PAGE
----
Can fasting help you lose weight? Fasting seems to be this year’s magic weight-loss trick, but dietitians always seem to pooh-pooh skipping meals.
What’s the story? breakfast-mueslis
If you eat less, you lose more. If logic outpaced Mother Nature, that would be the end of it. But when eating ‘less’ equals completely skipping meals to squirrel away calories, au contraire.
Depriving yourself of food causes your body to slow down to conserve energy, which effectively means you burn a smaller amount of what you do eat. And you may still be hungry, which predisposes you towards a blowout when your body seeks to reclaim the calories it was dudded out of – like an ageing rocker hitting the record company up for a decade worth of royalties.
Research has found that caloric restriction results in acute compensatory changes that last way longer than your weight loss kick. According to recent research at the University of Melbourne, changes following prolonged extreme caloric restriction include a crippled metabolism, a decrease in the hormones that make you feel full (hello, hollow legs), and increases in appetite hormones. And in the study, the hungry, hungry hippo thing persisted for at least 12 months after initial weight loss. Two words: false economy.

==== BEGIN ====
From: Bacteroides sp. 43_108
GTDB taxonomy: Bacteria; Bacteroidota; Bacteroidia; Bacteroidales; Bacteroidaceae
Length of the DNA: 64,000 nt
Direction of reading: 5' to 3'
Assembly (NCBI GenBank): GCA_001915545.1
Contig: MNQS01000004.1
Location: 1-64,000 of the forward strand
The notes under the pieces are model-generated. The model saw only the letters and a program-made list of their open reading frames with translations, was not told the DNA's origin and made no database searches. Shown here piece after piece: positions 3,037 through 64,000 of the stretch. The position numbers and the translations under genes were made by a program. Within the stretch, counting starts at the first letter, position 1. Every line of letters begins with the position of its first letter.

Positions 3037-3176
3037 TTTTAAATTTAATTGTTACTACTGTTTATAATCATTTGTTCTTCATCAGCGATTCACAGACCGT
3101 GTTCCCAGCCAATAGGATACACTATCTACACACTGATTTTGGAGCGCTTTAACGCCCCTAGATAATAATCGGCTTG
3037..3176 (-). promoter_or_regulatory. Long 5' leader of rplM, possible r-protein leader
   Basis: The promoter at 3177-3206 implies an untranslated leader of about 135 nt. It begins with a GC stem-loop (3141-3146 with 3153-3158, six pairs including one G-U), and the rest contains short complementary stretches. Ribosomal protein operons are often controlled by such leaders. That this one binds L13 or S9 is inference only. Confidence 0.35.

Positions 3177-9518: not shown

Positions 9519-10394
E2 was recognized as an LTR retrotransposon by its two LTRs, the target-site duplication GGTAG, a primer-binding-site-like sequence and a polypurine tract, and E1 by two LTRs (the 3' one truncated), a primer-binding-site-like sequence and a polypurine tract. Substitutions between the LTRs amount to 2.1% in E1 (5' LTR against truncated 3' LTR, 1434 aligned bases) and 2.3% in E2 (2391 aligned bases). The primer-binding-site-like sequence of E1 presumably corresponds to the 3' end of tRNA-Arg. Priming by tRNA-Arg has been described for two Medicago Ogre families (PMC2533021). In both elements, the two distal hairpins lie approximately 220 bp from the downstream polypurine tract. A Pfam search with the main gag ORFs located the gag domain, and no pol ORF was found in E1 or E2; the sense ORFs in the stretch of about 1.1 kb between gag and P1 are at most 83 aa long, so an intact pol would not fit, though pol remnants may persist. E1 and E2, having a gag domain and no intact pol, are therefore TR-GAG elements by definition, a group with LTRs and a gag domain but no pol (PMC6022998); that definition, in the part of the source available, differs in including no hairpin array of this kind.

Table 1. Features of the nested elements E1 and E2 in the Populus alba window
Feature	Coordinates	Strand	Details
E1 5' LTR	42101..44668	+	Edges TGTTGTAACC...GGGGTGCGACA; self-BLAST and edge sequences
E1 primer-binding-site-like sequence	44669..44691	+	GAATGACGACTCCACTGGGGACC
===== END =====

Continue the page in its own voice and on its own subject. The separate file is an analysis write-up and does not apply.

Nutritionist Kathleen Alleaume, author of What’s Eating You?, says regular eating is essential, even if your aim is weight loss. “If a current eating pattern is working to help shed weight, or stop weight gain, then there’s little reason to change eating frequency purely based on the latest fad diet.”